(NEW YORK) — Trista Hamsmith’s 18-month-old daughter, Reese, died in December, two months after Hamsmith discovered her daughter had swallowed a button battery, the small, round batteries found in many home devices and toys.
Now Hamsmith, of Lubbock, Texas, is on a mission to make sure no other parent has to suffer the pain and loss her family has experienced.
“When we thought everything was going to be fine, I just had this vision of advocating for the safety and awareness of button batteries with Reese by my side,” Hamsmith told Good Morning America. “Her being gone did not change my desire to want to protect other children and get this information out there.”
“Every day we wait, another kid is going to ingest a battery,” she said. “Had somebody [spoken out] before, our lives would look very different.”‘
Reese was 16 months old this past October when she developed cold-like symptoms, including a very stuffy nose, according to Hamsmith, who also has a 9-year-old daughter.
Hamsmith and her husband, Chris, took their daughter to see the pediatrician, who suspected Reese had croup, an infection of the upper airways, and prescribed steroids, according to Hamsmith.
Shortly after, the family discovered a button battery was missing from a remote control in their home. After looking online and discovering that symptoms of button battery ingestion — including coughing, wheezing and chest discomfort — matched those of Reese, Hamsmith and her husband rushed Reese to the emergency room.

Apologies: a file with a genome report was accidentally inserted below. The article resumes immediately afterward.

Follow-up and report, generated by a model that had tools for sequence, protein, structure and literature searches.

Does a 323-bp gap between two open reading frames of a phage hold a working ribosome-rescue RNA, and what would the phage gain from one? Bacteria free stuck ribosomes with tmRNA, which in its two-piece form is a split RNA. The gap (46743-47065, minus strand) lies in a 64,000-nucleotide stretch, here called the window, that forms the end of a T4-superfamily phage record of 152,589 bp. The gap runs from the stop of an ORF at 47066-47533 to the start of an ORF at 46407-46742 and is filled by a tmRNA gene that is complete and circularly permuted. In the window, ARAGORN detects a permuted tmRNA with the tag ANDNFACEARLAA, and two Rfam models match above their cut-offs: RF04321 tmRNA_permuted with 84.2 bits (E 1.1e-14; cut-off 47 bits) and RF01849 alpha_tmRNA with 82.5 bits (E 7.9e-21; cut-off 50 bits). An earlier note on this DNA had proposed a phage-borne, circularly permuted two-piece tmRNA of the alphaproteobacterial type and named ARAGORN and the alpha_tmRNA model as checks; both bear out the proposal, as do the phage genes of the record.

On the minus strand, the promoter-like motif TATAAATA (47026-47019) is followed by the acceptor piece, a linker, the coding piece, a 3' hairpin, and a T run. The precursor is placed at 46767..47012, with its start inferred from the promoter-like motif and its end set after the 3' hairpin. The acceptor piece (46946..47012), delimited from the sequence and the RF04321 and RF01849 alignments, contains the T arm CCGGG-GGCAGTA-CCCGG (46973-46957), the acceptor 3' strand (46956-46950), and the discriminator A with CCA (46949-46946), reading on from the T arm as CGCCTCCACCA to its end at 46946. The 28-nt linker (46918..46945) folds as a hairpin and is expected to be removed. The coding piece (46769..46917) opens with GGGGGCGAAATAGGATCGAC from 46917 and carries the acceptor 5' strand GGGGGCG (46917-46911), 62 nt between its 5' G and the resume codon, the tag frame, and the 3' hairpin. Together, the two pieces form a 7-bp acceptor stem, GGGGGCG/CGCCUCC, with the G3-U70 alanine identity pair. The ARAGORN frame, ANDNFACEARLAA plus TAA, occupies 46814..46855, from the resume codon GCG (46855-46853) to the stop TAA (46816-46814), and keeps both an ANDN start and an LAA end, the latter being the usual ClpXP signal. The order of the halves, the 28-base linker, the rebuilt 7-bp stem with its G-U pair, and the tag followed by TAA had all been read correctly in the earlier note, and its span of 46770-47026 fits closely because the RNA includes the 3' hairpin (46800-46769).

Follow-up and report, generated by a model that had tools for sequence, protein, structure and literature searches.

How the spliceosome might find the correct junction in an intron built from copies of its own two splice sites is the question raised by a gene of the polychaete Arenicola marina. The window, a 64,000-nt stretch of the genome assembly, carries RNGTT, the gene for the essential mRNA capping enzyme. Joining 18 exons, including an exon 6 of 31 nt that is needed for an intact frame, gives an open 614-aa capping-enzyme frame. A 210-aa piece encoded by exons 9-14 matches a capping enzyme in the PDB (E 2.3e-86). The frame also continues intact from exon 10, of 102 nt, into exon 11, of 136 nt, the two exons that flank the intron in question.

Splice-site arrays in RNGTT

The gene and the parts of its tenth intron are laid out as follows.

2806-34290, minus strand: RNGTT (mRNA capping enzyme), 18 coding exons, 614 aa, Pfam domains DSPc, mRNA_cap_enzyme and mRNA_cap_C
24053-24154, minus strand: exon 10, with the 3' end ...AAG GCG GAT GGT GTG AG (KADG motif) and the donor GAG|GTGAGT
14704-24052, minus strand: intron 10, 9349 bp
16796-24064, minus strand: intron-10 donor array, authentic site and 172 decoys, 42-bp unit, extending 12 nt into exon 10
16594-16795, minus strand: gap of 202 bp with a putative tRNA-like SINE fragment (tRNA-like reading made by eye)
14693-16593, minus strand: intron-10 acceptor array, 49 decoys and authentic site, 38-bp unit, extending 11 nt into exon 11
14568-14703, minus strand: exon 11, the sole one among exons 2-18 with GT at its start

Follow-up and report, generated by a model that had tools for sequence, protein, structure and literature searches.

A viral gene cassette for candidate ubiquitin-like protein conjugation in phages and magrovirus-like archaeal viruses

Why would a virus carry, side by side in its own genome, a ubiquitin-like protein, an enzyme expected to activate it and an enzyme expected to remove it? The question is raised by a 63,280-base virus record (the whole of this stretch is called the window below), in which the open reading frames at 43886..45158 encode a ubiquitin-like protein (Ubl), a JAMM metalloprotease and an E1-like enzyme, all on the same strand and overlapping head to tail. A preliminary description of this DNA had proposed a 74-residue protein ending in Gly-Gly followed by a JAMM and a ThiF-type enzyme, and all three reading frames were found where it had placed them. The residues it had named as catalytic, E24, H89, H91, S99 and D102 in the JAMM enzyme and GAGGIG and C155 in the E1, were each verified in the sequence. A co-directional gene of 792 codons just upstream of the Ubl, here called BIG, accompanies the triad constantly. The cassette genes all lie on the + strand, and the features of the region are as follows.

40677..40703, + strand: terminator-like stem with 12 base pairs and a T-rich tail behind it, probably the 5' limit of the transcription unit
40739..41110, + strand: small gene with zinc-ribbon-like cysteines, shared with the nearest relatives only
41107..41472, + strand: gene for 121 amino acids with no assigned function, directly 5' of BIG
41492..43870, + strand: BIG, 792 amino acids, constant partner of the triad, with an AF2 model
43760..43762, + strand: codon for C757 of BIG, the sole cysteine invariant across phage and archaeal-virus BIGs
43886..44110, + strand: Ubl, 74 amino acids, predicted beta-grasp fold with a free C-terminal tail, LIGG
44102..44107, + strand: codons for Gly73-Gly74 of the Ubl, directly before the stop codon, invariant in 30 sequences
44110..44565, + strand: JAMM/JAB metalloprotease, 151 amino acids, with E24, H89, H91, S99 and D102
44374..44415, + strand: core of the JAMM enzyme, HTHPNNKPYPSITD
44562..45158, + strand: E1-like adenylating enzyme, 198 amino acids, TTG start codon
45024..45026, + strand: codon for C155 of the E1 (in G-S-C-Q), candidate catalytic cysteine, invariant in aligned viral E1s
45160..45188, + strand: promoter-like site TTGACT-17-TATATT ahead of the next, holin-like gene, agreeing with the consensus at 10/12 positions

There, an X-ray confirmed that a battery was lodged near the top of Reese’s esophagus. The toddler underwent emergency surgery to remove the battery, and after a few days she was sent home from the hospital with instructions to stay on a liquid diet.
Hamsmith soon learned what she now wants other parents to know: Button batteries can continue to cause damage by burning tissue, even after they are removed.
When Reese did not improve, a CT scan confirmed she had a fistula through her esophagus and trachea that was created by the inflammation, according to Hamsmith.
Reese underwent another surgery to implant a gastronomy tube so she could receive nutrition, and she was placed on a ventilator.
“She came back sedated and on a ventilator, and that was the last time I saw my child like herself,” Hamsmith said.
“She went back for surgery, and that was the last time she was not on sedation for the rest of her life,” Hamsmith said, adding, “I wasn’t able to hold her, because her airway was so small, every single move was critical.”
Reese spent the next six weeks hospitalized and undergoing various surgeries and attempts to try to save her life. She ultimately died Dec. 17, 2020, with her mom by her side.